A Wisconsin sheriff’s deputy pulled over a 27ft Wienermobile and grilled the driver for failing to obey traffic laws.
On Monday, the Waukesha sheriff’s office, outside Milwaukee, tweeted the image of a deputy’s SUV parked behind a giant, roving hotdog with the hashtags #MoveOver #SlowDown #Wienermobile, a reference to state law that requires all vehicles, including mobile frankfurters, to change lanes or slow down when emergency vehicles are on the side of the road.
The driver of the wiener wagon, a promotional vehicle for the celebrated Wisconsin-based hotdog brand Oscar Mayer, escaped with a warning, but not before triggering a cascade of puns. Even Oscar Mayer and the Nebraska state patrol relished the action.
Every Hotdogger who gets behind our 27ft 🌭 on wheels goes through extensive road training, but from time to time our buns get in the way. The safety of everyone on the Hot dog highways is of the utmost importance to us & we’re working to make sure this doesn’t happen again 💛❤ https://t.co/WsbA1GNPpz
Glad those law dogs were able to ketchup. To be frank, the #MoveOver law keeps traffic furter away from officers and prevents wurst situations.
Alright, that’s out of our system. Have a great day on the bun, err, road. https://t.co/ErJGue0oFw
Colorado state patrol seized the moment to remind drivers that hotdogging on the road and ignoring traffic laws doesn’t cut the mustard.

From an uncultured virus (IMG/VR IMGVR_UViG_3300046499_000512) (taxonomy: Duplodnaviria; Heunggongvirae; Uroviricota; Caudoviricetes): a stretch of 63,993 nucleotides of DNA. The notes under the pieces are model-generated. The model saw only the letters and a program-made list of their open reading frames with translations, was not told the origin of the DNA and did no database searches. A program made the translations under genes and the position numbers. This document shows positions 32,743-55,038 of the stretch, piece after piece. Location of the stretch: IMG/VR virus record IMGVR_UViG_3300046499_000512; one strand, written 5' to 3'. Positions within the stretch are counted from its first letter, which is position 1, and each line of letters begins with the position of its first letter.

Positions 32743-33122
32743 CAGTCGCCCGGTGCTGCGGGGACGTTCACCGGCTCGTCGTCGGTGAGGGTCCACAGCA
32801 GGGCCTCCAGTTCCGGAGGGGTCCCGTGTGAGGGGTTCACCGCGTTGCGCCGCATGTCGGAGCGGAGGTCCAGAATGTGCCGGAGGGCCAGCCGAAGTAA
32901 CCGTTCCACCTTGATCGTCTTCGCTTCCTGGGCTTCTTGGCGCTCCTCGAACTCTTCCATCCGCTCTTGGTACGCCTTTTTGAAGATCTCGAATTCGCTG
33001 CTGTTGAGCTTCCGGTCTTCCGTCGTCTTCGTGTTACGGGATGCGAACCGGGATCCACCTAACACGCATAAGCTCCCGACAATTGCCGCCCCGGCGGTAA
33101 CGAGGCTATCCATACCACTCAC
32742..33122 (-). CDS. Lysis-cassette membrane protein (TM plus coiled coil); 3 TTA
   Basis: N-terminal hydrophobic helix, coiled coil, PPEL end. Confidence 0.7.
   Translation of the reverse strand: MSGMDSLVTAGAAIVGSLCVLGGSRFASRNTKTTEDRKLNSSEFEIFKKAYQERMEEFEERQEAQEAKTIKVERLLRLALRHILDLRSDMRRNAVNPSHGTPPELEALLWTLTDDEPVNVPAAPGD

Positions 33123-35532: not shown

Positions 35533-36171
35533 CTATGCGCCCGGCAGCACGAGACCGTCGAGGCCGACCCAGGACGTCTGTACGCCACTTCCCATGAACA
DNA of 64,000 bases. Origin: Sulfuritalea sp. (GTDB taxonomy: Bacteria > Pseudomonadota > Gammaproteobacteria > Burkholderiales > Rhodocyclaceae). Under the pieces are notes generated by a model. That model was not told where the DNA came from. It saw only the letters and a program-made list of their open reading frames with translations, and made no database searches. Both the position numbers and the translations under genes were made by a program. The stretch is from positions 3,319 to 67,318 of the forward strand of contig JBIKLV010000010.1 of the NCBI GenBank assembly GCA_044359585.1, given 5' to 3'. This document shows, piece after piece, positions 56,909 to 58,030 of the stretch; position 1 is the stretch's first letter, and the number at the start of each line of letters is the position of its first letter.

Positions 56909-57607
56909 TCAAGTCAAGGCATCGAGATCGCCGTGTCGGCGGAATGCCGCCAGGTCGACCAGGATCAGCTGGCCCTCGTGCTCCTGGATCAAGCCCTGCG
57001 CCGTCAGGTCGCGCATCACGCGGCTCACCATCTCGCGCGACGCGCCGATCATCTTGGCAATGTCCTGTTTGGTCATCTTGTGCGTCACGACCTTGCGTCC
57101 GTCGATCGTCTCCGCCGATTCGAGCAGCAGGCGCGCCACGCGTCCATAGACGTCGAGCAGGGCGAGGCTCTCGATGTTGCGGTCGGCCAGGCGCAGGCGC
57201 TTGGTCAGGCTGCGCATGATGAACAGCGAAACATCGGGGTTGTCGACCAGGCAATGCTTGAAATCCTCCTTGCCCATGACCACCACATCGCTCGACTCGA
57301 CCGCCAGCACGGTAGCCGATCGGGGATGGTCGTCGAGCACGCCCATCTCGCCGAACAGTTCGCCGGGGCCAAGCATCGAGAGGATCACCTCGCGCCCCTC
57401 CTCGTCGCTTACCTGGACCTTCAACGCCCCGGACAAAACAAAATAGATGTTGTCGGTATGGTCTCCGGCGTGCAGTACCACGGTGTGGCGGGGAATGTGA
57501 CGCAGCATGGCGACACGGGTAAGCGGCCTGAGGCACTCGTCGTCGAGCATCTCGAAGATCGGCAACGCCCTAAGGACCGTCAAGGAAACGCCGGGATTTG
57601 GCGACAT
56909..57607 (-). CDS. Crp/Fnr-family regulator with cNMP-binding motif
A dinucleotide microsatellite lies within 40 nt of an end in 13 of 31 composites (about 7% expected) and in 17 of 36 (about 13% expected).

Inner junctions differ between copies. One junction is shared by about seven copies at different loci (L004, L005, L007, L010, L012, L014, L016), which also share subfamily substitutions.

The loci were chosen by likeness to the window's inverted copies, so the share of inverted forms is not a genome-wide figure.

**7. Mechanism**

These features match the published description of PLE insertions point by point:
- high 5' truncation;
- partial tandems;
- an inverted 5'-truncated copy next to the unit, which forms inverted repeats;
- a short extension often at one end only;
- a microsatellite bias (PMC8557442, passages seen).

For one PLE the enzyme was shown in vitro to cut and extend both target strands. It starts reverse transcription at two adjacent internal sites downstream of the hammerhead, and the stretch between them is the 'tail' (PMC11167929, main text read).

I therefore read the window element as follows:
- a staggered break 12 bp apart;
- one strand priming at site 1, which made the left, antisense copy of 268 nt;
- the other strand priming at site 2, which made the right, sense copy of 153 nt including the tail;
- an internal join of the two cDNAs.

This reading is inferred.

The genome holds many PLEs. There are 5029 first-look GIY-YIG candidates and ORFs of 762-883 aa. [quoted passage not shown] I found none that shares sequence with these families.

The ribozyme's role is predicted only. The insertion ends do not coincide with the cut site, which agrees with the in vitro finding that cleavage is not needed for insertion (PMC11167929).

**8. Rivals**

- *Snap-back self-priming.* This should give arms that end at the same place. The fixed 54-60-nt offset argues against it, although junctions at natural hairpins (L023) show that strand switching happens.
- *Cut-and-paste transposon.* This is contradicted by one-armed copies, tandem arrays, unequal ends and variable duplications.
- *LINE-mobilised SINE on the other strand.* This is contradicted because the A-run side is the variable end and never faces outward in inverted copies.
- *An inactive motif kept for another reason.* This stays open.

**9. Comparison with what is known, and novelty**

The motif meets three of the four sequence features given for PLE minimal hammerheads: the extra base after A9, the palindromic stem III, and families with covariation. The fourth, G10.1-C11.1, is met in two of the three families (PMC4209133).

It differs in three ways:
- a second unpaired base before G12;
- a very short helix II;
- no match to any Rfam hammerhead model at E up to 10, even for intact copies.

Frankly, we relish the opportunity to ketchup on the law that not moving over, doesn’t cut the mustard. No matter what you’re driving: when you see the flashing lights, #MoveOverhttps://t.co/Ty8gTNCU93
This isn’t the first time the sausage cruiser landed in hot water. In 2007, Arizona police pulled over a Wienermobile with Wisconsin license plate reading “YUMMY” on suspicion that the vehicle was stolen. A call to Wisconsin police revealed a simple mistake behind the confusion and the roadster was cleared of all charges.
The first Wienermobile was created in 1936 and it has gone through several iterations since then. Today’s wiener stands 11ft tall and 27ft long and has a horn that’s reported to play the company’s Wiener Jingle in 27 different genres.
Every year roughly 2,000 college seniors apply to spend the summer zig-zagging the country behind the wheel of the Wienermobile.
The Associated Press contributed reporting